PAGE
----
Welcome back for Part 3 of our series dedicated to Diversifying Your Platform!

As we’ve discussed in previous weeks, diversifying your publishing platforms can help an author reach a larger audience that won’t necessarily sit down and read through more traditional formats.

Today we’re going to be discussing YouTube.

What is Youtube?

You may be asking, if you’ve lived under a rock since the 1990’s, ‘What is YouTube?’ It’s simple. YouTube is an interactive independent video distribution platform. Content creators have uploaded a gamut of videos, from recipes, how-to videos, podcasts, sitcoms, and even horror serials.

There are a multitude of ways you can adapt your writing chops to appeal to a wider audience. From spoken-word essays, to reciting poetry, to table readings of your favorite chapters, all are interesting ways to capture the essence of you as a writer and bring it further into the limelight.

Benefits of YouTube:

  • It’s ubiquitous: YouTube is here for good, and it’s everywhere. YouTube has apps on iPhones, Androids, and every desktop and tablet that’s connected to the internet. Don’t happen to have the storage space for the app? Just go to their mobile website.
  • Popularity: YouTube’s subscriber base is huge. Every minute that passes is another 300 minutes of footage uploaded to their database.
  • Genre Range: YouTube has an audience for nearly everything if it’s marketed correctly. Do you write horror? Marble Hornets, or everymanhybrid has you covered. Do you like classical literature? Hysterical Literature is a very NSFW channel/art project where women are filmed reading literature while being distracted. Are you a non-fiction writer? Some of the best channels on YouTube are information-entertainment. You could start your own news channel like The Young Turks; you could talk at length about historical recipes, like Townsends. Wanting to share information on the creepy and the strange? Countless channels are dedicated to explorations of the unknown.
  • Advertisement: Just like with podcasts or Wattpad, YouTube’s services can function as effective advertisement. How many times have you skipped over an article or idly scrolled past a picture on your Facebook feed without giving it a second thought? Videos function as a more consumable piece of media which the viewer can passively absorb when they play it. Adapting a piece of your fiction into a video with dynamic feedback and the ability of comments or other people to craft videos around your videos help advertise your authorial brand.
  • Payment: Not only will YouTube pay you for ads if you get enough subscribers, but if you leverage your channel the right way, your YouTube fame could possibly broker you a book or movie deal. Some notable examples: Consider John Green and brother’s video blog that blossomed into his successful career as an author. Also consider the WOWPresents channel’s hilarious duo of Katya and Trixie Mattel, whose video series ‘Unnnhh’ recently secured them a TV show on VH1.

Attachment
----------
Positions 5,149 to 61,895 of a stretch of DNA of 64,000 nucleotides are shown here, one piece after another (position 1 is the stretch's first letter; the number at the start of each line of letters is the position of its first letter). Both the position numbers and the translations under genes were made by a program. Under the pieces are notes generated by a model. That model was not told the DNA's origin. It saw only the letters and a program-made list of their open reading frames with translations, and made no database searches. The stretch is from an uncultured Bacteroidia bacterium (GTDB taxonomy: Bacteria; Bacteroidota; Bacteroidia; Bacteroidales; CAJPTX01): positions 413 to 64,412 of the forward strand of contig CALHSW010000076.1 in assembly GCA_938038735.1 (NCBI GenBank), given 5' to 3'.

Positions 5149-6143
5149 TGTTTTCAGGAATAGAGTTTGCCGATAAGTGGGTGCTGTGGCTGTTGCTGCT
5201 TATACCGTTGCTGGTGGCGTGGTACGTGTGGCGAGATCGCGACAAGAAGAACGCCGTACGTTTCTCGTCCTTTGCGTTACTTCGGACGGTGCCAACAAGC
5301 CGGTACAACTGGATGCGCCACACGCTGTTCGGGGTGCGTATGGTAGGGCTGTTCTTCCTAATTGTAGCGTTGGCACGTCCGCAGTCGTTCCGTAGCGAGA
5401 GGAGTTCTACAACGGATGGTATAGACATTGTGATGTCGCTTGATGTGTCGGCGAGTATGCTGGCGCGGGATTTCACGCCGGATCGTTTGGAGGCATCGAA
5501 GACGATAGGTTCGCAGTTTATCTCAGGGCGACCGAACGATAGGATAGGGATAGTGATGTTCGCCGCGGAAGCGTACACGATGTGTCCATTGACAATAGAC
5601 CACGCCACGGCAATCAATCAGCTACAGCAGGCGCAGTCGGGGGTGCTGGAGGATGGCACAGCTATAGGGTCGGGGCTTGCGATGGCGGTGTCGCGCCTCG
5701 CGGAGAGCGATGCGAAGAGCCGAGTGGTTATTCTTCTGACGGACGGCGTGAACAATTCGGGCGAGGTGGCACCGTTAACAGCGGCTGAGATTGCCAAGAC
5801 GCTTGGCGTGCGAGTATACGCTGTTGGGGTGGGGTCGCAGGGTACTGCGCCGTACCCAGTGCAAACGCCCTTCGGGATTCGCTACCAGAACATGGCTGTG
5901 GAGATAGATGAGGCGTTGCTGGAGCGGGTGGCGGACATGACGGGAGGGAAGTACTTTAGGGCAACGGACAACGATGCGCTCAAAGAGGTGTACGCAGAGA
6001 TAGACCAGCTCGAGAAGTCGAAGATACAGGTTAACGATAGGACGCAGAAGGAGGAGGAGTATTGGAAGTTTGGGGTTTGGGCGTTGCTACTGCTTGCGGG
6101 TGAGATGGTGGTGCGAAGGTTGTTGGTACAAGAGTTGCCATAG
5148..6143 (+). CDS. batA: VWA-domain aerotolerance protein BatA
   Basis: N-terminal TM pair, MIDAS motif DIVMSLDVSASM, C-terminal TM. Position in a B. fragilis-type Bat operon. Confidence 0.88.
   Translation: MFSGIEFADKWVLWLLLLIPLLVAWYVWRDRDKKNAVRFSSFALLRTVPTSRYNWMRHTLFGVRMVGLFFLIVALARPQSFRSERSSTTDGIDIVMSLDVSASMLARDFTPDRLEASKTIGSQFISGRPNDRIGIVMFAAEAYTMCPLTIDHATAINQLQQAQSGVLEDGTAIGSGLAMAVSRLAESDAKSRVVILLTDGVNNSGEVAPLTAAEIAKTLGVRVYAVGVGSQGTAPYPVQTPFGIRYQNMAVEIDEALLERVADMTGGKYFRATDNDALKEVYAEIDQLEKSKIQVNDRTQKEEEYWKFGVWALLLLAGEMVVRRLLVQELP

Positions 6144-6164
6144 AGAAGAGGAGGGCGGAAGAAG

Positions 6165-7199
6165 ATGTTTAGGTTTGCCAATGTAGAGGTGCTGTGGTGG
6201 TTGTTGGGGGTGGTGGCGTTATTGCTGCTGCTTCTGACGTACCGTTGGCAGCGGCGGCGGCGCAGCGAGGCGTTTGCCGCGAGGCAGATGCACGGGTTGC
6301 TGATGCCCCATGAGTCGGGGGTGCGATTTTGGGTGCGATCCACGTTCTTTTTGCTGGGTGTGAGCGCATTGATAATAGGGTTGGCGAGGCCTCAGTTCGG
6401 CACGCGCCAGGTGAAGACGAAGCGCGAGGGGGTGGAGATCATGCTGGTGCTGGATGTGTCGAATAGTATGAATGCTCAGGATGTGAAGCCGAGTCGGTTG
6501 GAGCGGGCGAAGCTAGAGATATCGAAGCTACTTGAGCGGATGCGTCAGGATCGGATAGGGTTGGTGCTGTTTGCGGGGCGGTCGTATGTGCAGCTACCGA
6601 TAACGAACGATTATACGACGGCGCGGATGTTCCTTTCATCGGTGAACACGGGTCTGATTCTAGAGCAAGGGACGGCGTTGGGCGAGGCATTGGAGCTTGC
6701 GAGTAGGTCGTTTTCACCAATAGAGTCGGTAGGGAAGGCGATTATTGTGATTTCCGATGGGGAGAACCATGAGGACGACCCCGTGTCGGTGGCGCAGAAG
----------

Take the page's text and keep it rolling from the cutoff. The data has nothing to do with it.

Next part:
YouTube also has a few drawbacks to consider:

  • Production Costs: The very act of creating a video in and of itself is more expensive and more time consuming than writing (though, like anything, this varies depending on your individual skill level and your individual familiarity with each platform.) Obviously you need a quality camera. Along with this, you’ll need quality team members to help. You’ll need mixing and editing programs, sample music, etc. The start-up costs for all this can be prodigious.
  • Changing How You Write: Writing a script is way different than penning a short story or a podcast. You have to think about every aspect of your script and whether it’s feasible to you and your budget. Every new character is either a new costume for an existing actor, or another actor for your crew.
  • People Are Hard to Manage: Your crew is more than just two-dimensional characters on the screen. Actors are harder to manage than co-writers. Personality is everything, and whereas in a short story the characters may act exactly like you want them to, personality conflicts can and will occur. Videos, then, are a co-creation process of the entire crew and your role is no longer just writer but director.
  • Audience Engagement: Like all mediums, YouTube videos require a following to continue being relevant. We’ve said it before and we’ll say it again: Consistency is key. A series with a schedule is important, as is keeping up to date on the days you schedule another video. Actively engaging with your viewers and contemporaries by going and tagging their videos, leaving positive comments, creating reaction videos, etc. also helps to cultivate an audience for your channel. It’s important to understand that though YouTube is by its nature more attractive to a greater variety of people, just like any creative outlet, won’t just magically attract viewers all on its own. Cross-promotion with blogs, podcasts, and separate social media platforms can help grow your audience.

Is YouTube for you? That’s up to you to decide. Do the research and think about how your writing and resources can be applied to this new format. If it’s an easy fit, then consider it. If it’s not, consider if you have the time or resources to devote to it.


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